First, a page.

I have, to my own (partial) satisfaction, at least, defined five roles for the Canadian Forces:
- To maintain active military forces to share in the continental defence of the North American homelands, of the maritime approaches to them and of the airspace over both.
- To maintain a global, blue water fleet, supported by air forces, that is able to, simultaneously, maintain a constant Canadian presence in at least two different theatres.
- To maintain trained, disciplined military units that can, on very short notice, give effective “aid to the civil power” here in Canada.
- To maintain combat naval, land and air forces and a full range of strategic and tactical support services, able to conduct low to mid intensity operations anywhere in Canada on short notice.
- To establish and maintain sufficient naval, land and air expeditionary forces that are able to deploy and fight, for sustained periods, anywhere in the world in conjunction with allies in UN sanctioned missions.
I also, in a recent post, talked about some ancillary systems and oragnizations ~ command, control and communications (C³) and medical services, supply and materiel maintenance, for example. It is those things which need to be discussed in more ~ and boring ~ detail … because they matter!
“Amateurs talk about tactics, but professionals study logistics.”
(Gen. Robert H. Barrow, USMC)
Napoleon’s old adage about an army marching on its stomach was never more true than in modern, 21st century warfare. Not only do the sailors’, soldiers’ and air force members’ bellies need to be filled with food, but the “bellies” of the great metal beasts ~ ships, tanks, trucks and aircraft ~ need to be filled with fuel and the the guns and missile launchers have to be filled with ammunition and so on and so forth. And everything the military does needs to be properly (politically) authorized, in advance, and coordinated and then reported upon and analyzed when it is done.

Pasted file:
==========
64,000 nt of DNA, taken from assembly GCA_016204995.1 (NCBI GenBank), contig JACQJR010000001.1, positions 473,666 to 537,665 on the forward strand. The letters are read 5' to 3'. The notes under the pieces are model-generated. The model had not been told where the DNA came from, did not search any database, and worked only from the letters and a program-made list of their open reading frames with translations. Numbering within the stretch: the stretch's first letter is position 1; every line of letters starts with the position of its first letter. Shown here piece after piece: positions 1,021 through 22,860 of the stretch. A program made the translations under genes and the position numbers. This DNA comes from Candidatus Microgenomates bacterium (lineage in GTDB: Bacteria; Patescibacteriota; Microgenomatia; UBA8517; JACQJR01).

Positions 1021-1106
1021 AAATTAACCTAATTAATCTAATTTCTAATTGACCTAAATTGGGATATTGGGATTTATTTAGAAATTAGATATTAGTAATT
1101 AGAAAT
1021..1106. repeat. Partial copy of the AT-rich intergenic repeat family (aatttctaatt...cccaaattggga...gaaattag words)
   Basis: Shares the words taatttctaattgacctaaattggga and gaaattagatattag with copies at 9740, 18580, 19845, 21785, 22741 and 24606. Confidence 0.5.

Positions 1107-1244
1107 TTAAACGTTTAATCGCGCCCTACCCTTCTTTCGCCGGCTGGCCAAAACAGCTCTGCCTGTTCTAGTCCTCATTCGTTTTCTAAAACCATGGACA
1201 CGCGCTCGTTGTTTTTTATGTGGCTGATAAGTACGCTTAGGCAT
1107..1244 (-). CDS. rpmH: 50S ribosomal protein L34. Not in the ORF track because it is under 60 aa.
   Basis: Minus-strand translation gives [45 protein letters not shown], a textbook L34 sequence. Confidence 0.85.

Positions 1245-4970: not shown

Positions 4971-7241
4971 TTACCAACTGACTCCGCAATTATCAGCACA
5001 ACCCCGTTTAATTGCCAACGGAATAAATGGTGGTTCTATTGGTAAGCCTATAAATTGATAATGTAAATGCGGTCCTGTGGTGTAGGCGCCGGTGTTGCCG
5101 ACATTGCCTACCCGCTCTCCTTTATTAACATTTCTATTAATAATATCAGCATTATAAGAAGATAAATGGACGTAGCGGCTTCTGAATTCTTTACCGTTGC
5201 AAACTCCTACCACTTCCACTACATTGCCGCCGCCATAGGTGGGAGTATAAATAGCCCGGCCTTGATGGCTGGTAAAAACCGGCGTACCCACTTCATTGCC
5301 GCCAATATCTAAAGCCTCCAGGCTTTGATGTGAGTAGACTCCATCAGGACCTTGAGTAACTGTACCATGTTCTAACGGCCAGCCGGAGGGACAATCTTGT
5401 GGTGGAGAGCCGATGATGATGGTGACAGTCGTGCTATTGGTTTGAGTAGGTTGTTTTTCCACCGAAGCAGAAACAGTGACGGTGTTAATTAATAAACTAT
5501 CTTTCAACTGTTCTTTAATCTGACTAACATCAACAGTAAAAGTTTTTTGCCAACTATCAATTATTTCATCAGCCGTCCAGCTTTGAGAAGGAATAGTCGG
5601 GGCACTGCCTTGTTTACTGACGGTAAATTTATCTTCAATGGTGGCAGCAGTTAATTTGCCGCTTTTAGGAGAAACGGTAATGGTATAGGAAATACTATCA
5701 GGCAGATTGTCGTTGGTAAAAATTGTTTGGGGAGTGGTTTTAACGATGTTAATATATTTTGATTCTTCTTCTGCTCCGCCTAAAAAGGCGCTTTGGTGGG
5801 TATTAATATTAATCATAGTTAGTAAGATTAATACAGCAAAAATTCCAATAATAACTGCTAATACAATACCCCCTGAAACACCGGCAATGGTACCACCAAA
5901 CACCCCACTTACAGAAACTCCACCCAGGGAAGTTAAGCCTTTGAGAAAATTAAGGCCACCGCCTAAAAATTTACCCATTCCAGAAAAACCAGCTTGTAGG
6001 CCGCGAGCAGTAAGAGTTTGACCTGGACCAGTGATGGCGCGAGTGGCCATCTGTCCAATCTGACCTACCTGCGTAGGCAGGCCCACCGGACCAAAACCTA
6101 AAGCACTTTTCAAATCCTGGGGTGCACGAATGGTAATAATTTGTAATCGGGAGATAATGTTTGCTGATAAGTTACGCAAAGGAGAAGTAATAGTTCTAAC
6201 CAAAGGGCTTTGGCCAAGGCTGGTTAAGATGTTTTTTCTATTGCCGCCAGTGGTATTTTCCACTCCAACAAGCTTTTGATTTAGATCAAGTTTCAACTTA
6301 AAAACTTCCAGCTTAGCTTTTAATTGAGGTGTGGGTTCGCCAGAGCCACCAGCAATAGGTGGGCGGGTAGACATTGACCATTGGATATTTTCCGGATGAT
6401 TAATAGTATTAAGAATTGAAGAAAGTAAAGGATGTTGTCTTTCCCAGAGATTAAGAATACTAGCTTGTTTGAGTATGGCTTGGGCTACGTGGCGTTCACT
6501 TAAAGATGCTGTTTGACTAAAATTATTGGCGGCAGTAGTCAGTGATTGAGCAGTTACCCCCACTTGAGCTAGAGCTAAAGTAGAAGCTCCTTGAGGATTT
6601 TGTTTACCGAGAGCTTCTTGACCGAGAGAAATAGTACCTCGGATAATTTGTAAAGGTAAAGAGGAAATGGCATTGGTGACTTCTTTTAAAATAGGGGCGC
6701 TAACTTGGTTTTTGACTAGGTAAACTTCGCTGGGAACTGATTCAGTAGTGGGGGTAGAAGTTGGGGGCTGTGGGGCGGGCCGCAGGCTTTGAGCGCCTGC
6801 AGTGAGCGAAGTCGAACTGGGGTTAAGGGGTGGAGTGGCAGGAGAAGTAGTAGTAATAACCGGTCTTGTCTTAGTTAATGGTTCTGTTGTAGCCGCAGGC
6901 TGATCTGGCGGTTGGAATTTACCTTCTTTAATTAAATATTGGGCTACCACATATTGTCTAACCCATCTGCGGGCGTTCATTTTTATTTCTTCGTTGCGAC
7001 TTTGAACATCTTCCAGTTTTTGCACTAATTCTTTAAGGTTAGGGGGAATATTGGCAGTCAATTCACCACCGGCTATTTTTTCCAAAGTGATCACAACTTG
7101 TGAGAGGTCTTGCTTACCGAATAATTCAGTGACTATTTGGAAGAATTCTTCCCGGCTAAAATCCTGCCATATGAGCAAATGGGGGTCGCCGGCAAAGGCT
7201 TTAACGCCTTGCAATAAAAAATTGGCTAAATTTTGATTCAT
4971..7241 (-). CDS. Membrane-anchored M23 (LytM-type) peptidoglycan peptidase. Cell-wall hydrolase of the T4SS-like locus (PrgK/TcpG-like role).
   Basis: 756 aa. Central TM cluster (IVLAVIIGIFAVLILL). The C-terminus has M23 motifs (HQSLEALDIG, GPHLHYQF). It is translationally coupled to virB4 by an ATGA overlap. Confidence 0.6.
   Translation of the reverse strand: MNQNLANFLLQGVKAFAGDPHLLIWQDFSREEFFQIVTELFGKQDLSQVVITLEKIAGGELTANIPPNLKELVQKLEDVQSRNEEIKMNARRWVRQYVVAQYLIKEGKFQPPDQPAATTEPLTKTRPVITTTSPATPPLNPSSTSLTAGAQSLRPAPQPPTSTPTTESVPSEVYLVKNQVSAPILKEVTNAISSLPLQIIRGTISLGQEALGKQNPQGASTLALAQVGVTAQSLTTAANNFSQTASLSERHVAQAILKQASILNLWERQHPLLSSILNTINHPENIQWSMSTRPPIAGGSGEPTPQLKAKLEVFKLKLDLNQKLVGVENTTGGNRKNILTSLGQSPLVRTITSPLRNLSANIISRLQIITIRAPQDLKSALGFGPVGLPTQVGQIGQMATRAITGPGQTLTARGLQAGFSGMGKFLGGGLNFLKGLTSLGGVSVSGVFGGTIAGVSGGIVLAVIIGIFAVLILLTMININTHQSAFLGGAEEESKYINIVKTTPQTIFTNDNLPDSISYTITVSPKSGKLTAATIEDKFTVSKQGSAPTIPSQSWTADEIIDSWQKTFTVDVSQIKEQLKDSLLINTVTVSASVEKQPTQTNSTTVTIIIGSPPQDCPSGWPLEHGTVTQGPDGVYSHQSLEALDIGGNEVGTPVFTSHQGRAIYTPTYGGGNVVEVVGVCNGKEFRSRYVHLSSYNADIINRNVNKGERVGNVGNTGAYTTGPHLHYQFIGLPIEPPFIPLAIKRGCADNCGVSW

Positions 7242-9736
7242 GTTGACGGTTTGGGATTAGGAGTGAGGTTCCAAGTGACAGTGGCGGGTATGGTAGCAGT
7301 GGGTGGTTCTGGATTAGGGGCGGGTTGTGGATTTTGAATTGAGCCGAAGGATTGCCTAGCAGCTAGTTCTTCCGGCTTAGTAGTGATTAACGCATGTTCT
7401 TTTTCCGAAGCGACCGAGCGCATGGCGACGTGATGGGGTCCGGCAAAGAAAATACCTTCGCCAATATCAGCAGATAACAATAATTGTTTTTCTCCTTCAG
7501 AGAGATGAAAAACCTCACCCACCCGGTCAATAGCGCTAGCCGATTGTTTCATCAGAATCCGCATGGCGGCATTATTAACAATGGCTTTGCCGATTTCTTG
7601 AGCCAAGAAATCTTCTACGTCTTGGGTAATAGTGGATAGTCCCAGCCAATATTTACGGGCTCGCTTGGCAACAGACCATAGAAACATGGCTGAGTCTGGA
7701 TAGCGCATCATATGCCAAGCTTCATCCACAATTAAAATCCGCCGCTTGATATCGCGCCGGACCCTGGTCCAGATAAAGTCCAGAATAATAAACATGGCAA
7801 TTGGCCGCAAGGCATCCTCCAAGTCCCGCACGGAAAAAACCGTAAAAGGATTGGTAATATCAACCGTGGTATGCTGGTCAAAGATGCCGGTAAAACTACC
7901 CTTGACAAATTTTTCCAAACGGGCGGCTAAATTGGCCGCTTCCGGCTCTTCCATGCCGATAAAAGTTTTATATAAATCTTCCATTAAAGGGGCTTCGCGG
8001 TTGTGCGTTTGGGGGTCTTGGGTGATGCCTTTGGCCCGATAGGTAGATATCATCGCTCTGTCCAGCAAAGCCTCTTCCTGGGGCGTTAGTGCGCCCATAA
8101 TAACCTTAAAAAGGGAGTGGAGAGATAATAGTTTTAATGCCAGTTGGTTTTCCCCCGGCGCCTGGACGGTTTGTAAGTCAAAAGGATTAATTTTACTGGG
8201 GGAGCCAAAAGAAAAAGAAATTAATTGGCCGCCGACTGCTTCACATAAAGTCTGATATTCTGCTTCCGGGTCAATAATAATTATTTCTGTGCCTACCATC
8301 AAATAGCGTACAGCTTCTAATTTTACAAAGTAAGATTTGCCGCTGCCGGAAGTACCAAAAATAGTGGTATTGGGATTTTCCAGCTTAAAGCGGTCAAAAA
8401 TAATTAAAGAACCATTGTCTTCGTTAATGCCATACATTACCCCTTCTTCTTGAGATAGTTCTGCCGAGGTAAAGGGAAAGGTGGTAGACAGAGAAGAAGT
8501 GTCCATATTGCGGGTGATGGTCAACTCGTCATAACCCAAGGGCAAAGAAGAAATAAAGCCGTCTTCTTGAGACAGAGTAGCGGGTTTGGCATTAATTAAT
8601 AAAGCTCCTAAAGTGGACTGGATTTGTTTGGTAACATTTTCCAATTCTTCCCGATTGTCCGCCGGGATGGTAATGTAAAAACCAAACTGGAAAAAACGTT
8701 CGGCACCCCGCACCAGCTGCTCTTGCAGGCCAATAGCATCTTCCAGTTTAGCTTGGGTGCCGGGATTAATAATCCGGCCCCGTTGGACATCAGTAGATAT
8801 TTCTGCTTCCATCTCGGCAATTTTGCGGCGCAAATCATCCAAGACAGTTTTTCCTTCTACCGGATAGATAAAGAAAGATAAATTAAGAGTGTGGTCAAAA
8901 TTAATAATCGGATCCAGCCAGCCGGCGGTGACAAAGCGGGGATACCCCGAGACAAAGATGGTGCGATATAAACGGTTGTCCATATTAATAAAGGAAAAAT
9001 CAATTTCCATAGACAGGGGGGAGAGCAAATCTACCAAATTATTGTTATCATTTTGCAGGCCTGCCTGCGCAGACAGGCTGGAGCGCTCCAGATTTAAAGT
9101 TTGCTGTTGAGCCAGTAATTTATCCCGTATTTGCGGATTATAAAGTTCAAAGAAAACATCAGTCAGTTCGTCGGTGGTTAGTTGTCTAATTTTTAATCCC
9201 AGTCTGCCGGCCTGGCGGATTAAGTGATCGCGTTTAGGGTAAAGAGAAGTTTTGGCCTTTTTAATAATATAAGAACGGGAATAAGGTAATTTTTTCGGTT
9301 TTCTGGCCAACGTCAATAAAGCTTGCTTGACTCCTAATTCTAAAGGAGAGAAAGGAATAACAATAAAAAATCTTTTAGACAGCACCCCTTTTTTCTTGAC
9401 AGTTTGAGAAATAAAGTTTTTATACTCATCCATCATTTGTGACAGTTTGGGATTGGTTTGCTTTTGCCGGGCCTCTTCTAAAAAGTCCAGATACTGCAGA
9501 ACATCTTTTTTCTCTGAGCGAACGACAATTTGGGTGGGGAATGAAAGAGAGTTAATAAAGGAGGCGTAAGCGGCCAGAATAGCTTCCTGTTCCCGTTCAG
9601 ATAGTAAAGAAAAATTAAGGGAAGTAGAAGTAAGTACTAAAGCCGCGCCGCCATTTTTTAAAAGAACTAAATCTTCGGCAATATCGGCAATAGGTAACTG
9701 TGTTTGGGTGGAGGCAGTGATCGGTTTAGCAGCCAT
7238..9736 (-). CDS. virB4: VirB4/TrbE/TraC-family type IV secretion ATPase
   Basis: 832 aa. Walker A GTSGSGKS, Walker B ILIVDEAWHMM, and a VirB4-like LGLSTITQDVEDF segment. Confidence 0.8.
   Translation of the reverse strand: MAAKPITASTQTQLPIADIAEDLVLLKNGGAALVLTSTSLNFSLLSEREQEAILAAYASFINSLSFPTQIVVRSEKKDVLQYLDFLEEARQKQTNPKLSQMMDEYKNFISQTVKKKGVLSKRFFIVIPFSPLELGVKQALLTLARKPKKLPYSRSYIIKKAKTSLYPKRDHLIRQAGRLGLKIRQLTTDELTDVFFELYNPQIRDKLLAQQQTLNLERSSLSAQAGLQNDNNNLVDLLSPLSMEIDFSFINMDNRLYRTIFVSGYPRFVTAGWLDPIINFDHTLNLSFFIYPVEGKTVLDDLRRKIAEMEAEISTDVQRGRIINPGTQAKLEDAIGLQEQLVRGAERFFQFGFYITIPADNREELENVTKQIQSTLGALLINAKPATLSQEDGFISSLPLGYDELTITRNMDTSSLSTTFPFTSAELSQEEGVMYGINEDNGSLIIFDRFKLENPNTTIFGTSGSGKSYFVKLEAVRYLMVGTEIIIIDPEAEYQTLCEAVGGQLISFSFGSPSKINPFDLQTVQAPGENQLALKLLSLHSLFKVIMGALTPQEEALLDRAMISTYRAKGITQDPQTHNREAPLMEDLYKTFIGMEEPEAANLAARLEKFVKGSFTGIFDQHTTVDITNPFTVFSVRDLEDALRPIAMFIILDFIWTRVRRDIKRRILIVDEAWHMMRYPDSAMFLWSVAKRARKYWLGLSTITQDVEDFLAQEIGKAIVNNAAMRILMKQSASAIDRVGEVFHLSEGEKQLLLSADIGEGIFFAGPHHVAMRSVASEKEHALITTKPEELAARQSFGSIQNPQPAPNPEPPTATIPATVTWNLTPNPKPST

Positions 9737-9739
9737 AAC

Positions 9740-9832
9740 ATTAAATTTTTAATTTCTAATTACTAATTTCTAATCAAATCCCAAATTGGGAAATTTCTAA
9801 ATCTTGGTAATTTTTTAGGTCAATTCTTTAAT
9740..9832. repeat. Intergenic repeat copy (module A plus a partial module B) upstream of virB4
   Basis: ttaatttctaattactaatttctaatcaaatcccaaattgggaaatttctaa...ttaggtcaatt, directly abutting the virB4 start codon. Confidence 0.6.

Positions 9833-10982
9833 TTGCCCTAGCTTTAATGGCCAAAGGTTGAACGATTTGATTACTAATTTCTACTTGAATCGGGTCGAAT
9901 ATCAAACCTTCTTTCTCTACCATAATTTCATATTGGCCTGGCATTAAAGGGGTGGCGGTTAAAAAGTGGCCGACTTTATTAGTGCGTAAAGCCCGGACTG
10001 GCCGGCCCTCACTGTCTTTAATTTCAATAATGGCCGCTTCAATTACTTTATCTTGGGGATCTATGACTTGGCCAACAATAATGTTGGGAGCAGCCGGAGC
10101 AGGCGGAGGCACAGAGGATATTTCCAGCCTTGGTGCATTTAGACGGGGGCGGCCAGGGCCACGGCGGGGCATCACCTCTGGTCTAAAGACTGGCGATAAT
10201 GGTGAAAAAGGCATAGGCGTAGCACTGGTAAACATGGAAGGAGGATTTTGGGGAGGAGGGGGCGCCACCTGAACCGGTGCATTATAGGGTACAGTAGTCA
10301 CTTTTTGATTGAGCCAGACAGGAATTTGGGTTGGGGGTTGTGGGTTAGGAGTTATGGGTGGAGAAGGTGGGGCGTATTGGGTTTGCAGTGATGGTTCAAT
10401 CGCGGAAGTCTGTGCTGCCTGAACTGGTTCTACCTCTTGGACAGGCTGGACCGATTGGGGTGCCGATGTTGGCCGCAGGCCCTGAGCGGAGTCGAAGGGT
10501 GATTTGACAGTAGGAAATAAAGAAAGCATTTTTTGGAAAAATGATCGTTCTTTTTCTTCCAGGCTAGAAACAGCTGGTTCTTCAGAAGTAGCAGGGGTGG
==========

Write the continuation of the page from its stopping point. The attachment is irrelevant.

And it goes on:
But before we send our navies and armies off to do anything it is vital to comprehend the strategic and operational situations. Governments, acting in our names, need timely, accurate information and the tools to use that information to make good, sound decisions. So, the first thing we need are services, and I emphasize the plural, to collect information and turn it into useful intelligence. We already have some of those services in place … CSE (the Communications Security Establishment) is one obvious agency, but there are others and all, and perhaps more, are needed. What is not needed is a rigid, formal, large high level coordination agency. Intelligence services can and should “compete” in a way to develop best practices, etc. Although these is, most likely, a role for military intelligence agencies this is, mainly, a civil function, but one which is critical to the military.
Another vital civilian function is: setting defence policy. Using the intelligence about the global and regional and domestic situations civilians, again, will set defence policy: they will answer the fundamental questions about, for example, the size and shape of whatever expeditionary forces we will have.
(Of course, this whole thing is predicated on the idea that we will have armed forces. There is, I suppose, a theoretical possibility that some government, someday, might decide to disband the Canadian Forces and, I guess, if this was a staff college assignment I might have to consider that possibility, if only to discard it at some later point.)
The next function, also civilian, is to decide on the size, shape and equipment for the military. The key decisions: how much to spend? what sort of forces to have? are political but the implementation is a function of the civil service. There is, of course, military advice, but, broadly and generally, these are civilian functions.
This should lead us to conclude that we need at Department of National Defence, headed by a civilian deputy minister with subordinate (but still very senior) officials responsible for policy, materiel, facilities, finance and (civilian) personnel.